When looking through photos of beautiful high-end rooms, it can be tempting to think, “If I had that kind of money, of course I could create a gorgeous living room (dining room, bedroom) like that.” But a gazillion-dollar budget doesn’t guarantee a great-looking room. And you don’t need a fortune to design a room that’s inviting and delightful and comfortable to be in.
New York City interior designers Jesse Carrier and Mara Miller’s work for celebrity clients such as Vogue’s Anna Wintour and actress Jessica Chastain has landed them on Architectural Digest’s exclusive AD100 list. But in the foreword to the designers’ recent book Carrier and Company: Positively Chic Interiors, Wintour writes: “These are homes whose high style comes from a very human-scaled sense of warmth and joy.”
The designers have organized their book into six looks, such as tailored, country, modern and traditional, and discuss the concepts they use in creating each style. We’ve highlighted some of their work and design ideas here. See if there are useful concepts you can pull out for your next project.
Photos from Carrier and Company: Positively Chic Interiors
To achieve a sense of timelessness in a room, Carrier and Co. Interiors selectively mixes references from the past, the present and the future. The designers’ recipe:
- Antiques as a key component
- A piece or two from the mid-20th century to lighten up the room and help bring it into the present
- A carefully chosen contemporary classic — something surprising but not trendy — to add a sense of being up-to-the-minute
In this upstairs landing in Vogue editor Wintour’s country home, an oversize painting by Hugo Guinness hangs above a diminutive Swedish painted chest of drawers. The play on scale accentuates the contemporary nature of the artwork and brings the old house up to date.
Photo above by Jesse Carrier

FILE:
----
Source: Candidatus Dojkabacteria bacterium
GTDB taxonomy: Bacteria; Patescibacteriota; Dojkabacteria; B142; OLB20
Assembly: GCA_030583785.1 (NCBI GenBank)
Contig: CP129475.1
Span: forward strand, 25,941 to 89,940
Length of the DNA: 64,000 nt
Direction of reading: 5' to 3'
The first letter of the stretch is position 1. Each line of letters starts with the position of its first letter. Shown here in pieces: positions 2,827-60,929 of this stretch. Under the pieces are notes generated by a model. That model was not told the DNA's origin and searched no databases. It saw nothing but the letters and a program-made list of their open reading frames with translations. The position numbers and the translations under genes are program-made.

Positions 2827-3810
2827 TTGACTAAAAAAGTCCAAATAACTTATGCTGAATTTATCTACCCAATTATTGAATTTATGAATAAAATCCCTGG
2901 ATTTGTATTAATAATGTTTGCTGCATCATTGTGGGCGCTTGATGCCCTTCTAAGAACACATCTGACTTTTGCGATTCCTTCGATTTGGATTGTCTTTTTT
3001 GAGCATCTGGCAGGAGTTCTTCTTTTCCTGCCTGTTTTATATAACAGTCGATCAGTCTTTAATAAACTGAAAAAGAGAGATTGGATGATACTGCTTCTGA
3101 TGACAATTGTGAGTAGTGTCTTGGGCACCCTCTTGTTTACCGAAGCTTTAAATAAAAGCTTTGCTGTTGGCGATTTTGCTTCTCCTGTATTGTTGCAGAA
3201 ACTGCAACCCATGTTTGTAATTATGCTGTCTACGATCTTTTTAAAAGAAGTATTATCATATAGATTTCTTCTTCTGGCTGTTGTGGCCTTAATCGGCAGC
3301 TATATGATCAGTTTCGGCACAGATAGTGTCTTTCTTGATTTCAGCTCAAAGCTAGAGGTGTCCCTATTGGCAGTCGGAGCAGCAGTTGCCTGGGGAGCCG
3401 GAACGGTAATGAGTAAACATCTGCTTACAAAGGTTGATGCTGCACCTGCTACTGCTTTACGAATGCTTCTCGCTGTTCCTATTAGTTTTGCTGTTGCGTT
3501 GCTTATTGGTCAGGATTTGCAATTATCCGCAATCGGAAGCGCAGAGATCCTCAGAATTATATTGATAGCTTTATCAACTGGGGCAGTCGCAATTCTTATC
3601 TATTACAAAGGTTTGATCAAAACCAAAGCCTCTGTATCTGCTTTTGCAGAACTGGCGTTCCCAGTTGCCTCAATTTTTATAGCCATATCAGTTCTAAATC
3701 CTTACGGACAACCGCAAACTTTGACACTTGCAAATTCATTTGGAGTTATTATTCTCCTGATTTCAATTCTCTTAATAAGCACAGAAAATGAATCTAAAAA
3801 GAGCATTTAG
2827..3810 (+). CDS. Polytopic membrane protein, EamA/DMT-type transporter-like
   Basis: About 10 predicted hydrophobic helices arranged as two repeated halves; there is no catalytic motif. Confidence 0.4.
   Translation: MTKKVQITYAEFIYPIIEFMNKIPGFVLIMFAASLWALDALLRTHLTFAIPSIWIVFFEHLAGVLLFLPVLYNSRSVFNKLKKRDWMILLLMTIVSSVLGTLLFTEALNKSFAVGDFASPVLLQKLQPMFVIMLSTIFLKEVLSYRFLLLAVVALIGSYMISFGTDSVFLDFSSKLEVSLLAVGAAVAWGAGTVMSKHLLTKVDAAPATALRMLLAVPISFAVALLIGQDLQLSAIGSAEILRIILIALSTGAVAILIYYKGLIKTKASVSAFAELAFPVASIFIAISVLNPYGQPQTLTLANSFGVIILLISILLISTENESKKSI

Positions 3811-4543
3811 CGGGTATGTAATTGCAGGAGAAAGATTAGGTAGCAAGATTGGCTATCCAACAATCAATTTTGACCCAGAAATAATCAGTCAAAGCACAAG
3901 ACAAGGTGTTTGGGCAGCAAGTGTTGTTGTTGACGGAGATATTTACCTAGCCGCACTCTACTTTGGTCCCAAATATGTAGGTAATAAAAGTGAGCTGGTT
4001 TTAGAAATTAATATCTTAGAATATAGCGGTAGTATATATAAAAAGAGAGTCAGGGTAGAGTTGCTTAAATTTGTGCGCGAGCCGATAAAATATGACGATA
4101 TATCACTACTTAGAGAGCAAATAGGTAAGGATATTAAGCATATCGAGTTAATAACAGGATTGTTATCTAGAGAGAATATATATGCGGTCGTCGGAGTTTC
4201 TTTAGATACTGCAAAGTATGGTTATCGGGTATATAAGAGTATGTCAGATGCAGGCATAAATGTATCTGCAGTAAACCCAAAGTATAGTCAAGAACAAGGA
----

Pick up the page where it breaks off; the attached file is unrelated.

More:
“For us, decorating is always about the mix,” the authors write. “A room’s style — a home’s style — derives from the pairings, the compositions, the accents and details. Unexpected choices in scale, material or placement, a daring use of bold color or finish, may arrest the eye and stop time.”
Color and artisanal quality unify the forms, textures and materials of this Hamptons, New York, sitting room. The watercolor-like patterned wallpaper helps tie together the antique armchair upholstered in a hand-woven Chapas Textiles fabric and the hand-woven Guatemalan wool rug. The polished midcentury brass drum table and torchiere offer contrast.
Photo by Pieter Estersohn
Tailored rooms can be clean and pared-down like modern rooms, the authors write. What makes them different is that they’re refined in such a way that they feel “a little more sensual, a little more lush, a little more plush. Their geometry speaks clearly, but it does so with a softer, gentler, though still precise edge.”
Tailored rooms may be traditional as well. The balance of elements determines whether a room leans toward traditional or modern. Above, splashes of lemon yellow and marigold orange add sunny warmth to an elegant living room’s neutral palette. The white walls have a polished-plaster finish.
Photo by Robert Brantley
In this Florida entry hall, pairs of antique Oushak rugs and potted fig trees relax the feeling of grandeur. The contemporary plaster sand-dollar-inspired light fixtures by Marc Bankowsky and giant clamshell on the Dunbar chest at right connect the room to its locale.
Photo by Robert Brantley
The walls of this den are wrapped in linen, and grosgrain ribbon trimmed with nailheads covers the seams. Custom-fabricated curtain hardware with simple returns, rather than finials, downplays the formality of the curtains.
Photo by Robert Brantley
Country decor celebrates “the beauty of uncomplicated times and straightforward pleasures. People imagine rubber boots, apple picking in quilted jackets, horses and hayrides, or the beach equivalent of all that,” the designers write. “They want their rooms to cater to that vision, to express that ideal, yet in an authentic way. As a result, the decor may feel caught in a moment or a memory, which is the source of the nostalgia. This can seem to slow down time, which is what the fantasy of country living is about for many.”